On the death of two Arab journalists in Israel
September 16, 2022
News this week in Israel included the death of two Arab journalists, in different locations, under different circumstances, and unrelated. But the circumstances, accusations, and double standards are glaring and need to be discussed.
This week, months after Palestinian Arab-American Al Jazeera journalist Shireen Abu-Akleh was killed in Jenin, following a lengthy investigation, Israel has affirmed that she was likely killed by an Israeli bullet.
Other than her unfortunate death, the problem with this is that before the blood had dried, before she had been buried, and before any facts other than her death were confirmed, the Palestinian Authority and much world media immediately blamed Israel without any proof. That the PA rushed her burial and would not provide the bullet that killed her for forensics, underscored that they had something to hide, and that blaming Israel was just a convenient way to milk her death as a Palestinian Arab “martyr.”
Israel did not deny it may have been an Israeli bullet that killed her, but did not acknowledge specific responsibility because facts were not known. After a lengthy and credible investigation, Israel has indicated she was likely shot by an Israeli soldier, inadvertently, in the heat of a battle with Palestinian Arab terrorists in which Abu-Aklah was in the middle.
It’s never good to have to admit responsibility for such a thing, but as a democracy where the rule of law is the rule, at least Israel maintains the integrity to do so. In its statement about Abu-Akleh’s death, the IDF acknowledged, “There is a high possibility that Shireen was accidentally hit by IDF gunfire that was fired toward suspects identified as armed Palestinian gunmen, during an exchange of fire in which life-risking, widespread and indiscriminate shots were fired toward IDF soldiers.”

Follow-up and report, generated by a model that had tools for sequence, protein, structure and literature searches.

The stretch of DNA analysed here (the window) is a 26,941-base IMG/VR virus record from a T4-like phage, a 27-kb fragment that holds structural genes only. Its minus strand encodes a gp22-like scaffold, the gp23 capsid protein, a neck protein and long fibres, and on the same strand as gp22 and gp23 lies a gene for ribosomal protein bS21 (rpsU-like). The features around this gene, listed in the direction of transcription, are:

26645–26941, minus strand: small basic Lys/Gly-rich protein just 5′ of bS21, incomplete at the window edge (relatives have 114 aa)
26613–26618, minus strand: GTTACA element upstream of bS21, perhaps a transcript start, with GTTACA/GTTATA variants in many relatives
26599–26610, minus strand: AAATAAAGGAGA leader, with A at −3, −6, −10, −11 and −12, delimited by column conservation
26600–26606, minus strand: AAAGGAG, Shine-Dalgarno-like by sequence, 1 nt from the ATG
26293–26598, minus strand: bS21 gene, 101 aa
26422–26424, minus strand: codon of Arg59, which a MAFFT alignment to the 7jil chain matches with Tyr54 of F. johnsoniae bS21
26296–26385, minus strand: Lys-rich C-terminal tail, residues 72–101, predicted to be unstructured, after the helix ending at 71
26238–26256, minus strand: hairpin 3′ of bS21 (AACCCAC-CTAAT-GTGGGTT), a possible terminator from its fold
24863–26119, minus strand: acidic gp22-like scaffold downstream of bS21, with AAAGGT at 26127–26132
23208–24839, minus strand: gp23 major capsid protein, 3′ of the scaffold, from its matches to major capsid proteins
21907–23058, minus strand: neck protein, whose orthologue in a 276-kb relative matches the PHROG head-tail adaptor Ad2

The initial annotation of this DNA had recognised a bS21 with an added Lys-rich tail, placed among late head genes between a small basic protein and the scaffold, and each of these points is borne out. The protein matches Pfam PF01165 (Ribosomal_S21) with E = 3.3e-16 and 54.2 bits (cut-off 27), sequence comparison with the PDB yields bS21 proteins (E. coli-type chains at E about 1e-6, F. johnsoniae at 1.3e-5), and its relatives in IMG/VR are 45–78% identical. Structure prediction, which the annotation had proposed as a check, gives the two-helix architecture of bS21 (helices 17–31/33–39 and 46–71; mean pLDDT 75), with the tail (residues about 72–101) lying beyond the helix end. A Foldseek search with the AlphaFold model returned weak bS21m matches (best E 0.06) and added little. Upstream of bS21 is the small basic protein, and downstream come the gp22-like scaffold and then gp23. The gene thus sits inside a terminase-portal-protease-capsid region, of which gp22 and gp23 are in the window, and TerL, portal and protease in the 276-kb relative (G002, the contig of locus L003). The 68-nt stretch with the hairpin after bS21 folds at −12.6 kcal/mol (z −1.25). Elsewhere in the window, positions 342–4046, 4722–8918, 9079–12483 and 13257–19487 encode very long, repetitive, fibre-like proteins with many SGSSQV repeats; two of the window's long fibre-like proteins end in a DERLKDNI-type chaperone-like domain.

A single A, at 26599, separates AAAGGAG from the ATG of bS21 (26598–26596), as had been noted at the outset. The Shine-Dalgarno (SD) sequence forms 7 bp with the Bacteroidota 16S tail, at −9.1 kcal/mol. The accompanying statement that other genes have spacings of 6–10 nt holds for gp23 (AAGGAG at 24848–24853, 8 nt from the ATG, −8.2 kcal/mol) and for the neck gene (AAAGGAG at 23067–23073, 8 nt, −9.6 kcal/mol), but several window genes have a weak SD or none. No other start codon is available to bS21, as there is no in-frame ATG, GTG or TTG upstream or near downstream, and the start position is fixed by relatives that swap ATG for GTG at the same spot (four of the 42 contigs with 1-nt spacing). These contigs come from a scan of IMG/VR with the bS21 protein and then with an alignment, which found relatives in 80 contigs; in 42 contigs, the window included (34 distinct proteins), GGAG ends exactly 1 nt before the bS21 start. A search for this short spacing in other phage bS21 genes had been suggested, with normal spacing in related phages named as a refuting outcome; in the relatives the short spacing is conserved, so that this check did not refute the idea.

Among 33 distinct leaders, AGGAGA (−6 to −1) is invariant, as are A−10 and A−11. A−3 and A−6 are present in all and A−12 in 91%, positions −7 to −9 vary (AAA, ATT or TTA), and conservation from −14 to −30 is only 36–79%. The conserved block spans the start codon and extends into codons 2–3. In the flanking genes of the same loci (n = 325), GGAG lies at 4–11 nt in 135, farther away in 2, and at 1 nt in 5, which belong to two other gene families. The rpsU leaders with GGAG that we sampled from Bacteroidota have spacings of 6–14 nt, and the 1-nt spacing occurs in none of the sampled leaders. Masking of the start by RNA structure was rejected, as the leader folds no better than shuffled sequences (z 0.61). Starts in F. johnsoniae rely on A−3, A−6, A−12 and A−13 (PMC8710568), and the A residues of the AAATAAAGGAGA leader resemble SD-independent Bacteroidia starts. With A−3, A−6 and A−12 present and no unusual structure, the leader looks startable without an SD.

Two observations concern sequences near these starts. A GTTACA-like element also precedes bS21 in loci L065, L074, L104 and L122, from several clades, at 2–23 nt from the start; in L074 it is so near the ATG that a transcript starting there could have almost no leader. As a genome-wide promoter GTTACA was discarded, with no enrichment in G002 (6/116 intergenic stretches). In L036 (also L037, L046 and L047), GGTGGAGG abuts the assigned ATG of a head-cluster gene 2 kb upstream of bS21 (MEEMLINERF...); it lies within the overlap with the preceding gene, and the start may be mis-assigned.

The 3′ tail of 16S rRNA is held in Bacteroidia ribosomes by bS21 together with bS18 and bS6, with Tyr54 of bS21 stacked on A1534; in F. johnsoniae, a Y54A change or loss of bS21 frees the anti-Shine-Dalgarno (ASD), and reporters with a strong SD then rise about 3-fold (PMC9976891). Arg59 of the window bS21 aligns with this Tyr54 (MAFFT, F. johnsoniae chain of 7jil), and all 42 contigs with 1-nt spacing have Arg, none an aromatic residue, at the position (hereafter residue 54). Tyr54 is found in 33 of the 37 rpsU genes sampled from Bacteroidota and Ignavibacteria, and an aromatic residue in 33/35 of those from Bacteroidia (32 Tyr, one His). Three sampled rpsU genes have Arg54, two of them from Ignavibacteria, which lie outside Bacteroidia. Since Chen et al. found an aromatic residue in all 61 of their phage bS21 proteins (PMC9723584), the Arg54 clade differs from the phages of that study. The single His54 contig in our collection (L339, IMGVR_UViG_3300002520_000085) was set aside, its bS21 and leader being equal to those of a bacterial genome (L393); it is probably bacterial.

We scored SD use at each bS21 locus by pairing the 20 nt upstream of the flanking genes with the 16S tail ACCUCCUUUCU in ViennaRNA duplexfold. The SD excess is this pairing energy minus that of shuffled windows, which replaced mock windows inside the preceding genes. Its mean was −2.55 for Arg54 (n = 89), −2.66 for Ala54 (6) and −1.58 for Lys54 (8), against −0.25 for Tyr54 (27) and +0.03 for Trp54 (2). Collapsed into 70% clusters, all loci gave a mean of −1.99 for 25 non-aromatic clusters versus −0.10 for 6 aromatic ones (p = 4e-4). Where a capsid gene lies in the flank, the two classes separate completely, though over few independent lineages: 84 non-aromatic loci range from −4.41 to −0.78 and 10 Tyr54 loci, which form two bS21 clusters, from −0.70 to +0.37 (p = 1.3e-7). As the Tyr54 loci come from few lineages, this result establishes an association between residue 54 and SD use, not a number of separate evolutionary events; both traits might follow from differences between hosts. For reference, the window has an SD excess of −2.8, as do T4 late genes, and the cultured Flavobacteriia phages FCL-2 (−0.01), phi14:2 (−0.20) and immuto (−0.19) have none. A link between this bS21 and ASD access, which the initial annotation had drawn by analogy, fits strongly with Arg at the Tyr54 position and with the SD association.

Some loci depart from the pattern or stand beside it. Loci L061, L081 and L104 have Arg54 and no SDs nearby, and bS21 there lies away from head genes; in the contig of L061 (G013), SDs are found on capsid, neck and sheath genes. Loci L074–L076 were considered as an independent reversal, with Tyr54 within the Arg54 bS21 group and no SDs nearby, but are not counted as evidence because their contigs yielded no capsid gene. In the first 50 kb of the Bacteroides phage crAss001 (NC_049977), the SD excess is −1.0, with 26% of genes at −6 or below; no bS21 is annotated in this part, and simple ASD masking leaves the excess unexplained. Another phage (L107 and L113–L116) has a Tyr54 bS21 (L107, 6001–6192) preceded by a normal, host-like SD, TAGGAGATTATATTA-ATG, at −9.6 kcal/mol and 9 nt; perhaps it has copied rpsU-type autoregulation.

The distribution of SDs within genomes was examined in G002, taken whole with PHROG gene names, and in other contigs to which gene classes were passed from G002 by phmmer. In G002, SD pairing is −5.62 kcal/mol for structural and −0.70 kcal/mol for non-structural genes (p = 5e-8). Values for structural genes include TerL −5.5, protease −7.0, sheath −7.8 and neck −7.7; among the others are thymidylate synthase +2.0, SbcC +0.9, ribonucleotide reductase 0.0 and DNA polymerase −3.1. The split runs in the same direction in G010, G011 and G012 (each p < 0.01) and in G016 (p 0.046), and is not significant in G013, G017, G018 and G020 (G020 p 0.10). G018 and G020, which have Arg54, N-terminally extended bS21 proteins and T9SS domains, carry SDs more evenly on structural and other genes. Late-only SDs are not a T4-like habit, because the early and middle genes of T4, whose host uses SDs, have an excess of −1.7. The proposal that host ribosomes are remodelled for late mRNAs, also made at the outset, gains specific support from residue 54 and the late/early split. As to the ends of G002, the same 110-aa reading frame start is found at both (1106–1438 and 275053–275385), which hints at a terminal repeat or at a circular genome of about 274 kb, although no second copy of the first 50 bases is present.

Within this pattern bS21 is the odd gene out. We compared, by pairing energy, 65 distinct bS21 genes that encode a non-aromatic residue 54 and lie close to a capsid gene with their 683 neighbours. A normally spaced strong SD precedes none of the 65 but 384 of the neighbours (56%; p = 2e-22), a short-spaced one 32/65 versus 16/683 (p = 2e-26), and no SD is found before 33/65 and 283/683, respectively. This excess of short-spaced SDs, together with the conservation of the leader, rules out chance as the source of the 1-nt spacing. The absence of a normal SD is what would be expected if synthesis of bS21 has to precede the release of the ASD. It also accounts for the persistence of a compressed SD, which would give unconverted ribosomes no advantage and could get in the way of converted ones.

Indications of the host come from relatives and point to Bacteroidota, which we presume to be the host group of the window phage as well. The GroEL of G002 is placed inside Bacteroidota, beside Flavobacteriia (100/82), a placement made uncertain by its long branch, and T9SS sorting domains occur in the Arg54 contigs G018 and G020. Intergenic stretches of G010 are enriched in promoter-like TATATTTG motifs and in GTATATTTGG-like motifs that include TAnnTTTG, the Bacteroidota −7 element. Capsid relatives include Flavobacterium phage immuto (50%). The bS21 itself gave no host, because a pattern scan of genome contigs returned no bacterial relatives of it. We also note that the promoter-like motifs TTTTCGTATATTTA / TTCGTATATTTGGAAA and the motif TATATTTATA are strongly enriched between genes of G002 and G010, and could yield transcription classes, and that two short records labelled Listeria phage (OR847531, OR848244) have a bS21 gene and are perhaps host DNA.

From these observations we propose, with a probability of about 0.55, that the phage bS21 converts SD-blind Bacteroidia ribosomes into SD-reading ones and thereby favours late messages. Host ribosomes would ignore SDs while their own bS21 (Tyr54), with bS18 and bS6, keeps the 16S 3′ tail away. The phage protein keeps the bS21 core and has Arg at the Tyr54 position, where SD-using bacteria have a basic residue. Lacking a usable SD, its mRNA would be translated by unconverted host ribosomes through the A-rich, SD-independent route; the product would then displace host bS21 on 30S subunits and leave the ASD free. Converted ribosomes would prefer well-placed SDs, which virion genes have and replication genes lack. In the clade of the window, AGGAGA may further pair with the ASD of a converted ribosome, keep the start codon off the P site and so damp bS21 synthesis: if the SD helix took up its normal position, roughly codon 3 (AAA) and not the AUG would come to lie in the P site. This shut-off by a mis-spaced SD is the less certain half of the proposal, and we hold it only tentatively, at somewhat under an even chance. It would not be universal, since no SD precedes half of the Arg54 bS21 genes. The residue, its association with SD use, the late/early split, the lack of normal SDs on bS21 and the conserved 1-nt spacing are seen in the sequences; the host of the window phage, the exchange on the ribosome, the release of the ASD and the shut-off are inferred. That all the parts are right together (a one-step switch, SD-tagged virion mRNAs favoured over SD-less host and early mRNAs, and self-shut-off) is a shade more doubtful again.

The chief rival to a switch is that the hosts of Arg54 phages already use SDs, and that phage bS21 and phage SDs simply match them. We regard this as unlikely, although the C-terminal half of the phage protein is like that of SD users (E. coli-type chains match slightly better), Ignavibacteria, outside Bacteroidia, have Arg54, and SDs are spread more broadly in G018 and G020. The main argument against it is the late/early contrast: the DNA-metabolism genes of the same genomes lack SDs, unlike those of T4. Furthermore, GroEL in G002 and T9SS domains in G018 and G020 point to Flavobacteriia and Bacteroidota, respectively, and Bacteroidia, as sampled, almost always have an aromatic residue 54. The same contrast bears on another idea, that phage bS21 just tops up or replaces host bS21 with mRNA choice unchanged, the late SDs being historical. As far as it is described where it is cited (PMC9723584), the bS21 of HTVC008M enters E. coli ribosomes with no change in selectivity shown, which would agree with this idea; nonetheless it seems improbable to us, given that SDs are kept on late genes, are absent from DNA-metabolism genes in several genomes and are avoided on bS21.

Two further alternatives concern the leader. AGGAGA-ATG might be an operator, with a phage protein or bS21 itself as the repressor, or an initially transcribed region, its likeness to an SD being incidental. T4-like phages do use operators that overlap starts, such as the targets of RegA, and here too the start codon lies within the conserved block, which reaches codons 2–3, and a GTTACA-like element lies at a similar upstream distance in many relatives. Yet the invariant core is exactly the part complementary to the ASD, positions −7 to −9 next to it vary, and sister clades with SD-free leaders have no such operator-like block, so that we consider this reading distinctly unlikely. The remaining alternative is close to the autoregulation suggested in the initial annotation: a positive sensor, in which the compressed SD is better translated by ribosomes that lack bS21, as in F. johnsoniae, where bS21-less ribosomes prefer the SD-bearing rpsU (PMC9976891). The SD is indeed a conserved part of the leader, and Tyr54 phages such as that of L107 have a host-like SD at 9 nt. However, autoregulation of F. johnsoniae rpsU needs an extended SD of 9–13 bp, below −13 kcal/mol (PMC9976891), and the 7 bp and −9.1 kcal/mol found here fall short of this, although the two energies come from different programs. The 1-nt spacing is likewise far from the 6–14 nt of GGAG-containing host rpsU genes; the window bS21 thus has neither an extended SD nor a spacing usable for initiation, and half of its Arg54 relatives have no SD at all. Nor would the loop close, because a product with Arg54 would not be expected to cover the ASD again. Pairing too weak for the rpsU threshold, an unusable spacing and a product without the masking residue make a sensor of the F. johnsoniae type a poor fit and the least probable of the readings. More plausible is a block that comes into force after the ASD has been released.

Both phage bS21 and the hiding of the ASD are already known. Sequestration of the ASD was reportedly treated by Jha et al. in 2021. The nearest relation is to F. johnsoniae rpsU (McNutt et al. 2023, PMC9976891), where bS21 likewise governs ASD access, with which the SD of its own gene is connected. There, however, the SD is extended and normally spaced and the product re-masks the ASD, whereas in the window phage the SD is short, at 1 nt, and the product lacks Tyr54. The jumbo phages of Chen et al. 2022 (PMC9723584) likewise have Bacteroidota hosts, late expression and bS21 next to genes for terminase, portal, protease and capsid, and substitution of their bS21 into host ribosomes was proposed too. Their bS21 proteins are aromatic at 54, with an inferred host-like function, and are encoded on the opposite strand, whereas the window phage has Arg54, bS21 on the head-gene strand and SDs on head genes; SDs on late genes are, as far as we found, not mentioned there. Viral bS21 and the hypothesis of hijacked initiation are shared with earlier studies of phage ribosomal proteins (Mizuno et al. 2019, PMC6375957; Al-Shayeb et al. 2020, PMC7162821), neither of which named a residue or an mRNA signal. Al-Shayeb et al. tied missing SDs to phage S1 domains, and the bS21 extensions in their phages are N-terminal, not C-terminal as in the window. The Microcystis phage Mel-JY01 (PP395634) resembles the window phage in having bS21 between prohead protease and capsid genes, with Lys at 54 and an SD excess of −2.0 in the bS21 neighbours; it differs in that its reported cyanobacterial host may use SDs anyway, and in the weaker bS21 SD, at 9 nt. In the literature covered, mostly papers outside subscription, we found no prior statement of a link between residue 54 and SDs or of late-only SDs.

Like many journalists trying to cover a story, or be in a place to get the best scoop, many put their lives at risk. In the case of Abu-Aklah, it seemed that not only did she only put herself in harm’s way, but that she was there, camped out, waiting for violence to begin as if she had been tipped off to do so. Otherwise, how would she have been in the right place at the wrong time, and killed in the crossfire between Israeli troops and Palestinian Arab terrorists?
The other news item about the death of an Arab journalist in Israel this week is about Arab-Israeli journalist Nadal Ijbaria, who covered violent crime in Israel’s Arab community, which has become an epidemic. Ijbaria was shot in his car after leaving a mosque in his Galilee hometown. Police are investigating. One hopes that they will find and arrest the perpetrators as one step to stem and then eliminate the Arab-on-Arab violence that’s been increasing for years, plaguing Israel and its Arab community in specific: a threat to many more people than the circumstances surrounding Abu-Aklahs death.
With national elections coming up in November, again, one hopes that the Israeli Arab public will support those trying to make change and make the Israeli-Arab street safer. Its israel’s responsibility, but it requires a lawful public willing to participate in a solution, rather than just blaming Israel for their problems.
According to UNESCO, 55 journalists were killed internationally in 2021, and more than 60 journalists have been killed already in 2022. Looking objectively at the frequency of death of, and relative danger for, journalists around the world, why is it that no one demands countries to investigate much less release the names of those involved in death of other journalists as in the case of Abu-Akleh? Why is the world, and its media, not up in arms (pun intended) about the death of these dozens of other journalists?